Crosslinguistic and crosscultural approaches to pragmatic development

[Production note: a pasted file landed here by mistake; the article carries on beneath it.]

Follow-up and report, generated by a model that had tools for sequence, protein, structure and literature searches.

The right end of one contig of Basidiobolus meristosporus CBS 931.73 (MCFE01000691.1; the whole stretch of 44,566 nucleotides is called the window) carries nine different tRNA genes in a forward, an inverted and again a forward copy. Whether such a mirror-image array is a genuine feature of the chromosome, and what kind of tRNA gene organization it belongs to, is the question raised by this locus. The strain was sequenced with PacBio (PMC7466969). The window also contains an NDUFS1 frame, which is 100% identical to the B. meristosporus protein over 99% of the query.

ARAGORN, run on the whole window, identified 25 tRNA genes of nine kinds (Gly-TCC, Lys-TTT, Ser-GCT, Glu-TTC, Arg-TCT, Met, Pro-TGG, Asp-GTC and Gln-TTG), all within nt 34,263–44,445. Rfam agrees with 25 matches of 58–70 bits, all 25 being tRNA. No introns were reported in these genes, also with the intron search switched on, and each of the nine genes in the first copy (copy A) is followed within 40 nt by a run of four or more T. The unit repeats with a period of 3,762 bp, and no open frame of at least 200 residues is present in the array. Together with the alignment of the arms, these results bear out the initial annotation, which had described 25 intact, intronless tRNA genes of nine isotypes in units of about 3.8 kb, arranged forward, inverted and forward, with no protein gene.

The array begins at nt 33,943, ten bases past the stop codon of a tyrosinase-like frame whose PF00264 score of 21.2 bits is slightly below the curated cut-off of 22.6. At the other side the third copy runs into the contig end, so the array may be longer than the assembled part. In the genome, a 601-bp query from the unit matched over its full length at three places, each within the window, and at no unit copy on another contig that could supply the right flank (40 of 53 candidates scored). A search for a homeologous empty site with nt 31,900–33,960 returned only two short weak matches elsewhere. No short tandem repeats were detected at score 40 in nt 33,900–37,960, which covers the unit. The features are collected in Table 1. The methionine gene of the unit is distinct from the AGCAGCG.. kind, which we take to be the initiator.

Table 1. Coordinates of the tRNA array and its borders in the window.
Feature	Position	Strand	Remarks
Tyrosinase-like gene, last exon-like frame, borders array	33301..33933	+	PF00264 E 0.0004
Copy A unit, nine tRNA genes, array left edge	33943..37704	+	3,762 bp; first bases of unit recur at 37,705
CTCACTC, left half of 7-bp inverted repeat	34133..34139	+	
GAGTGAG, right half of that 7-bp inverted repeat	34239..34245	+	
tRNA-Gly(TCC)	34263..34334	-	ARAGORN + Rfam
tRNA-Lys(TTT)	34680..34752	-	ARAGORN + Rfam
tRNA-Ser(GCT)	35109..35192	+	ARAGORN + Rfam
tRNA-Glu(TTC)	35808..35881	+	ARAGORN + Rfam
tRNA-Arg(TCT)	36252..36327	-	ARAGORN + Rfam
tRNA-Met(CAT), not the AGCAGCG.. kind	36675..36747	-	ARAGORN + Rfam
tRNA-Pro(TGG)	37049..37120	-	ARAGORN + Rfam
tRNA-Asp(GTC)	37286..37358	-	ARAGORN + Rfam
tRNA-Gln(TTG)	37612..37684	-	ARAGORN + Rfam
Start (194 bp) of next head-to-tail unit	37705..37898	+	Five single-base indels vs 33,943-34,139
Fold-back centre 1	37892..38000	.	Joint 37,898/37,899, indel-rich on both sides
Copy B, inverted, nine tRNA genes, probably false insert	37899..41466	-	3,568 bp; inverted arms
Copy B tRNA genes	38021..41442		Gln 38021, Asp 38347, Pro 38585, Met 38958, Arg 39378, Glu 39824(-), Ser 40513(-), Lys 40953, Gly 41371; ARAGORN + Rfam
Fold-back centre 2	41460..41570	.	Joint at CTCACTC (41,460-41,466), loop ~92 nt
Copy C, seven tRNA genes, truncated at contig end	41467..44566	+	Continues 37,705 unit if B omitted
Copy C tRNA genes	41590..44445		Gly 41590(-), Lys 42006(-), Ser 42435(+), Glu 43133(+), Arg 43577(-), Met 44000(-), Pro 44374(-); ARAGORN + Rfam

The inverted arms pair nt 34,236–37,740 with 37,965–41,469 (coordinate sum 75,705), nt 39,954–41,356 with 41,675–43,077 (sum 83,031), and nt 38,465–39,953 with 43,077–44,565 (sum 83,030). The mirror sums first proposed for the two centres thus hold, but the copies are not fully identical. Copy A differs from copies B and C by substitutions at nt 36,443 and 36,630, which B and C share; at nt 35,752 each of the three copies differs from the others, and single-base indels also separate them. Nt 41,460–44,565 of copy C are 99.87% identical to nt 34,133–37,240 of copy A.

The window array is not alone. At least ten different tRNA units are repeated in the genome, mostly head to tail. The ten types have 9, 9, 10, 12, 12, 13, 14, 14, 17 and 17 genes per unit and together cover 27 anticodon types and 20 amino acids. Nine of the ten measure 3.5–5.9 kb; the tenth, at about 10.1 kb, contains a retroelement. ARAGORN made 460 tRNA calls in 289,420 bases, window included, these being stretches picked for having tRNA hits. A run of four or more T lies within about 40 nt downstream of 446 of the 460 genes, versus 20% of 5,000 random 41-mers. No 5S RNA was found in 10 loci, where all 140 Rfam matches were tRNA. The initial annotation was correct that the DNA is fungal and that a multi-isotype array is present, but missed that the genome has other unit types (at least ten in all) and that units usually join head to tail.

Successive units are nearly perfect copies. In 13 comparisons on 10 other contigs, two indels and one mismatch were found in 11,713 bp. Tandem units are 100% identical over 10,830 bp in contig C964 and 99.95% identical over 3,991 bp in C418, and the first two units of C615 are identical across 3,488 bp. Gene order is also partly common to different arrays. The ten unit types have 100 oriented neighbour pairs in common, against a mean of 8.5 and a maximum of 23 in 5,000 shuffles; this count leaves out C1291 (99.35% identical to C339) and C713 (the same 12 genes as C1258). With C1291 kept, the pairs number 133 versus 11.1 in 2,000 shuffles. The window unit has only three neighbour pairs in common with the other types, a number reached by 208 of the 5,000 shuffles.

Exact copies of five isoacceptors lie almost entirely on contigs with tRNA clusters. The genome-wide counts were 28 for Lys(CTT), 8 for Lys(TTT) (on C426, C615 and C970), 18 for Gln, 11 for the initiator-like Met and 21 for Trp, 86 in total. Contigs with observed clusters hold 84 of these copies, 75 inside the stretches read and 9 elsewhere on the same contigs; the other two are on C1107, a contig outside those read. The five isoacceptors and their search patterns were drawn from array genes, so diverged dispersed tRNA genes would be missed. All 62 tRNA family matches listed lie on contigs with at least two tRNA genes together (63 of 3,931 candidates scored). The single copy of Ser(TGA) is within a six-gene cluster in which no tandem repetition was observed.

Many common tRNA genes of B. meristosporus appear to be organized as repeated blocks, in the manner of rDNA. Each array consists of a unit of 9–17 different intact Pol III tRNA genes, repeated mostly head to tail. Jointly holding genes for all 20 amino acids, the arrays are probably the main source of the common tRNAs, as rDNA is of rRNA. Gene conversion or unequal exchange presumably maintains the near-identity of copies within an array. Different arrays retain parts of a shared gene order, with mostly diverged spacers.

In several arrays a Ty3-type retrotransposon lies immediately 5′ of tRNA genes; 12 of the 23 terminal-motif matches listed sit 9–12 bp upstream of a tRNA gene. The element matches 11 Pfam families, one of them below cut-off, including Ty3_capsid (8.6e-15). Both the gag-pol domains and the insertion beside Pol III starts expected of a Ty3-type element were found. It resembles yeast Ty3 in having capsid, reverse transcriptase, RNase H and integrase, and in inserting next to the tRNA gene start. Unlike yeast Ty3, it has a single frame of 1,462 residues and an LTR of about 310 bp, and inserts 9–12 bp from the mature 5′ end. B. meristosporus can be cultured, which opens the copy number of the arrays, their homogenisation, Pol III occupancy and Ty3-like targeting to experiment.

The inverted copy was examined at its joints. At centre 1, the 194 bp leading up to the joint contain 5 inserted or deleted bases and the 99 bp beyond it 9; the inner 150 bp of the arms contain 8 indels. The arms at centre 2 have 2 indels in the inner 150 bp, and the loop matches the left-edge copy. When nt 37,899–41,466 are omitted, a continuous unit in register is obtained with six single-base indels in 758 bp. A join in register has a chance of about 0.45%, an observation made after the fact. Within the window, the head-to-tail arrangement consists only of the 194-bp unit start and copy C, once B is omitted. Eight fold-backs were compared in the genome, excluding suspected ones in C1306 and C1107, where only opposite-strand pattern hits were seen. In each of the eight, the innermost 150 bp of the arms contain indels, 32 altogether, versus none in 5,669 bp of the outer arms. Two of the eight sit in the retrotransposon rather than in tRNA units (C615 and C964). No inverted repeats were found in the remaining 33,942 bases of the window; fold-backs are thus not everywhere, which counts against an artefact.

Pragmatic development involves learning to use linguistic code and non-linguistic action in a well-integrated way in relation to an ongoing interaction. Given how different languages encode meaning distinctions differently and how different cultures might organize social interactions differently, comparative studies are crucially relevant for understanding pragmatic development. This chapter focuses on currently available crosslinguistic and crosscultural research about (1) nonverbal interaction, (2) referential communication, (3) speech acts and politeness, and (4) extended discourse such as conflicts. We also including a section on how children learning different languages are socialized to use language in varied ways by families, peers and schools. Future directions are suggested on the basis of this current research.